Friday, day five, the last day of the ride, we rode to National Harbor in Alexandria for our final ceremony. We met up with riders from the East Coast ride that had started in Boston the previous Saturday. This day the riders started from the Maryland Fire-Rescue Services Memorial in Annapolis. Following bike paths in and around Maryland and Washington, D.C., we made it to National Harbor late in the afternoon.
We held a final ceremony there; families of some of those we were riding for attended. After the ceremony the riders with the dog tags for the fallen of the families in attendance presented their tags to them.
During the ceremony I stood with Judy Costa, Tom’s wife. She also helped as a wingman on this ride. We stood side by side, arms around each other, holding each other up. As the names were read, we both began crying as her husband’s was called. When Isaac’s name followed, I broke down completely. It was the first time I’d cried for him. I had been mad at him—for taking his life, for not calling me or anyone else from this organization. We’d have dropped anything to go help him through whatever he was dealing with. Judy cried just as hard, not only for Tom but also for Isaac, a close friend.
It was almost cathartic. I’d thought a lot about Isaac on this ride. The pain of his loss was all coming out. We all lost a great friend. He will be remembered.
More Stories of the Ride
There was another person I rode for during the week: Susan Stedman, a 20-year veteran EMT from Kennebunkport (Me.) EMS. Susan served as assistant chief and a member of the board of directors. Her husband told me about her death. She was in chemotherapy for cancer and had an MI after a treatment. He also spoke of how proud her father was of her after the funeral procession passed the EMS station. The ambulance was on the ramp, and Susan’s helmet and boots were in front of it. Her father is a retired firefighter. I will be meeting with Susan’s family in the coming weeks to present them with her dog tag I wore during the ride.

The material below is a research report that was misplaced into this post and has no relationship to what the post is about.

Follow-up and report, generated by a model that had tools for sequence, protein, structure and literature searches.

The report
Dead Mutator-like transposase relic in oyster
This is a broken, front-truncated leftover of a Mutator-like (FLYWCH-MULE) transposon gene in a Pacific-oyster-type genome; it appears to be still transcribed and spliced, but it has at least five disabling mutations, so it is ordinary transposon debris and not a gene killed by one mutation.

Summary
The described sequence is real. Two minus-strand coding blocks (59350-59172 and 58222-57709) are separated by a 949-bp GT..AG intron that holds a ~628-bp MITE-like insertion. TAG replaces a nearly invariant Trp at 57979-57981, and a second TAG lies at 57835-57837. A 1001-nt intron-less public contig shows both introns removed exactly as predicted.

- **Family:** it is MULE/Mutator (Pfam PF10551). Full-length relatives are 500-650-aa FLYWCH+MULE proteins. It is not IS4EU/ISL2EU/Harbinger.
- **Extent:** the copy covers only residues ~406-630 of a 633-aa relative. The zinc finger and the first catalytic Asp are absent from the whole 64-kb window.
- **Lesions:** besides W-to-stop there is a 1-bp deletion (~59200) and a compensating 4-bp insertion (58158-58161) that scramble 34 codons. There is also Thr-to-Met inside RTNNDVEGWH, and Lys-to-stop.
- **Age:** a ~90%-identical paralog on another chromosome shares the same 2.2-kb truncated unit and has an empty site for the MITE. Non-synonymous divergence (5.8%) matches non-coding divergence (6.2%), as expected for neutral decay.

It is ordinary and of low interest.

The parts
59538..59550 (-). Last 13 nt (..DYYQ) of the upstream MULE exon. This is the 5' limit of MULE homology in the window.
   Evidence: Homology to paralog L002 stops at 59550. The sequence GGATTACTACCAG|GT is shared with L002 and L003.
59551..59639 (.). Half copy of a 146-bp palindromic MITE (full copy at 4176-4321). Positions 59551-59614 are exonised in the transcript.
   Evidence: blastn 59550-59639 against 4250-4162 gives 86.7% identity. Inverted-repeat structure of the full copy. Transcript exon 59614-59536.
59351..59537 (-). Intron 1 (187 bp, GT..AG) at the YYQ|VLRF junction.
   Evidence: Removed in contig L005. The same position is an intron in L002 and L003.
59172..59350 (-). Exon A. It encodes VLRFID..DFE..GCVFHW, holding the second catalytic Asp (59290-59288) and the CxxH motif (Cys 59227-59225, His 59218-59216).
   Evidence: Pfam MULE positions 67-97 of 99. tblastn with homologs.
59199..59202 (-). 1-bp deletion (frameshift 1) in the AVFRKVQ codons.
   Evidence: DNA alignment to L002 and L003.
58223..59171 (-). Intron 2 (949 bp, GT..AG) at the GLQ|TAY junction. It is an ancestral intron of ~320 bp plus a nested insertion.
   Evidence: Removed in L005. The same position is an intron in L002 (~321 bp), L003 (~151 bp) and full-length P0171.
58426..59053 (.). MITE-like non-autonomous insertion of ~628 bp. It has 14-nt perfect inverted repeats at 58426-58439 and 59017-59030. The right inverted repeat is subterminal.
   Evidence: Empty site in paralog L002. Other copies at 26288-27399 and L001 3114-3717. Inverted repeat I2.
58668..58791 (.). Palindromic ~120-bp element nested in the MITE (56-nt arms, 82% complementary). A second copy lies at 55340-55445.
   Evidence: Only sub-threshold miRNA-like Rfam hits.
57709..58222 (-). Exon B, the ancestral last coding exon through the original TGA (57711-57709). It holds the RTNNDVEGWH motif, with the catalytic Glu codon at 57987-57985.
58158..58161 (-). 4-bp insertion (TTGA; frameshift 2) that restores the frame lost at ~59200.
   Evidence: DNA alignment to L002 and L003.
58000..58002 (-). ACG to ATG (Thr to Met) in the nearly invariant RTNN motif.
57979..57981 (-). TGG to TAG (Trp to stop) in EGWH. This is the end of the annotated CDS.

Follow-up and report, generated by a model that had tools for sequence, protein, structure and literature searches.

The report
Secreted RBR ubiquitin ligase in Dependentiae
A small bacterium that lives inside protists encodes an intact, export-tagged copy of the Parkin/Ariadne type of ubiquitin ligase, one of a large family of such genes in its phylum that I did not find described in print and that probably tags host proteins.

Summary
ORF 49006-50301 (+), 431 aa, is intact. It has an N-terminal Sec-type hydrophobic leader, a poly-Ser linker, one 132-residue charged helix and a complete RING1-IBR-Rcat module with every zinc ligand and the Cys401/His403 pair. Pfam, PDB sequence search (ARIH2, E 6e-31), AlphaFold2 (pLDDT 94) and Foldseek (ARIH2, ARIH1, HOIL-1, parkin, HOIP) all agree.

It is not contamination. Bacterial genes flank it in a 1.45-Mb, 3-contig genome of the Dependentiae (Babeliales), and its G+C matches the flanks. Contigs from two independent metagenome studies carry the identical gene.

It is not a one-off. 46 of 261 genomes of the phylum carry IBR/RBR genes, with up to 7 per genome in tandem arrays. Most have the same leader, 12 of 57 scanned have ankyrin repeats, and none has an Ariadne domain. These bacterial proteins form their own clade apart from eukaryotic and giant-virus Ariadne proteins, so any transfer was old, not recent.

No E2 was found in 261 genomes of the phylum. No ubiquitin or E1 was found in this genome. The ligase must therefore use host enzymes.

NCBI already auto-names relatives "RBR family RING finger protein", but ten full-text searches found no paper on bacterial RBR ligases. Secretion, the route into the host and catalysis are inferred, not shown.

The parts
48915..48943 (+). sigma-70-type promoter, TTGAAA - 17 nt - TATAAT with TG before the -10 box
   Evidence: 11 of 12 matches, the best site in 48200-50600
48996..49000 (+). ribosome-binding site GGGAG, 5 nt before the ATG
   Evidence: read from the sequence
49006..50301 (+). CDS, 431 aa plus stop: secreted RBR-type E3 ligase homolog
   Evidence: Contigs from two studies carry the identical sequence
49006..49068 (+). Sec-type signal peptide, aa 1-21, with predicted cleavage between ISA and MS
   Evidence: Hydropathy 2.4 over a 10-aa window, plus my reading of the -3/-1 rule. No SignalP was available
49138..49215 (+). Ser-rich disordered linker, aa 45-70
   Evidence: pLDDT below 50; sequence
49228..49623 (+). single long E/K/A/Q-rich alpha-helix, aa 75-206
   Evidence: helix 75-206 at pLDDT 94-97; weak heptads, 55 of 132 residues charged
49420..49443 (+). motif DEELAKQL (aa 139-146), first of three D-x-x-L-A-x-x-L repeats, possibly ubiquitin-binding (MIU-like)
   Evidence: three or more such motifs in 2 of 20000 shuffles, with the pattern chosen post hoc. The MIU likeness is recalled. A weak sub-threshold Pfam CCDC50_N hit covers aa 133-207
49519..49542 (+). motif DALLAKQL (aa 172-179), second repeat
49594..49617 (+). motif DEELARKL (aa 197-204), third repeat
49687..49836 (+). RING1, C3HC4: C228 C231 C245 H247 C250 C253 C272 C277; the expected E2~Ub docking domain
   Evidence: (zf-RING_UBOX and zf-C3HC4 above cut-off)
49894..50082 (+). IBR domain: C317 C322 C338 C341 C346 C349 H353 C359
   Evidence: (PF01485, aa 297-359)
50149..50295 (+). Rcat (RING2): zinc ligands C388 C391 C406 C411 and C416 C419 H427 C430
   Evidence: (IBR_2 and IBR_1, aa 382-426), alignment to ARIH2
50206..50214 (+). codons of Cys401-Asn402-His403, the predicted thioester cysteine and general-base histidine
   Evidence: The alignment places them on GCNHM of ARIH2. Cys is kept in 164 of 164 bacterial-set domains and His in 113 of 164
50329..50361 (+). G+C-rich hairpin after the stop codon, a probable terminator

Two of the oldest riders who participated this year were John Hill, Sr. and Dr. Frank Larue, both 78. These two are an inspiration. Frank rode in the two-day ride for Skippy the first week of May, then joined the NEMSBR East Coast ride in Boston for three days before joining the southern ride for another three. One of those was a century (100-plus miles) day. When he rides he doesn’t even seem to be exerting himself, just turning the pedals with an effortless focus.
John Hill, Sr. came thinking he would help the wingmen but also brought his bicycle just in case. John also rode the century day, along with two other days. After each he didn’t seem to be any worse for the wear. They truly demonstrate the virtue of never growing old or giving up.
I also had the pleasure of meeting Kasey Harrison. Kasey lost her husband in aeromedical accident in 2017. In 2018 he was inducted to the EMS Memorial, and that’s where Kasey was introduced to the EMS Memorial Ride. Kasey became a wingman this year, helping with rest stops and keeping the riders on route. She told me she felt humbled to be with the riders and see the support the different squads provided. She’s thinking about doing the ride next year and spoke about coming back every year as long as she can.
I’m home now and ready for the next ride. Colorado, I hear you calling.
RIP, Tom and Isaac.
Mike Kennard, EMT-P, has been in EMS for more than 33 years. He currently works as a paramedic at Frisbie Memorial Hospital in Rochester, N.H., and is a program coordinator for the New Hampshire Bureau of EMS. Mike is a retired assistant chief from the Nottingham (N.H.) Fire and Rescue Department. Contact him at email@example.com.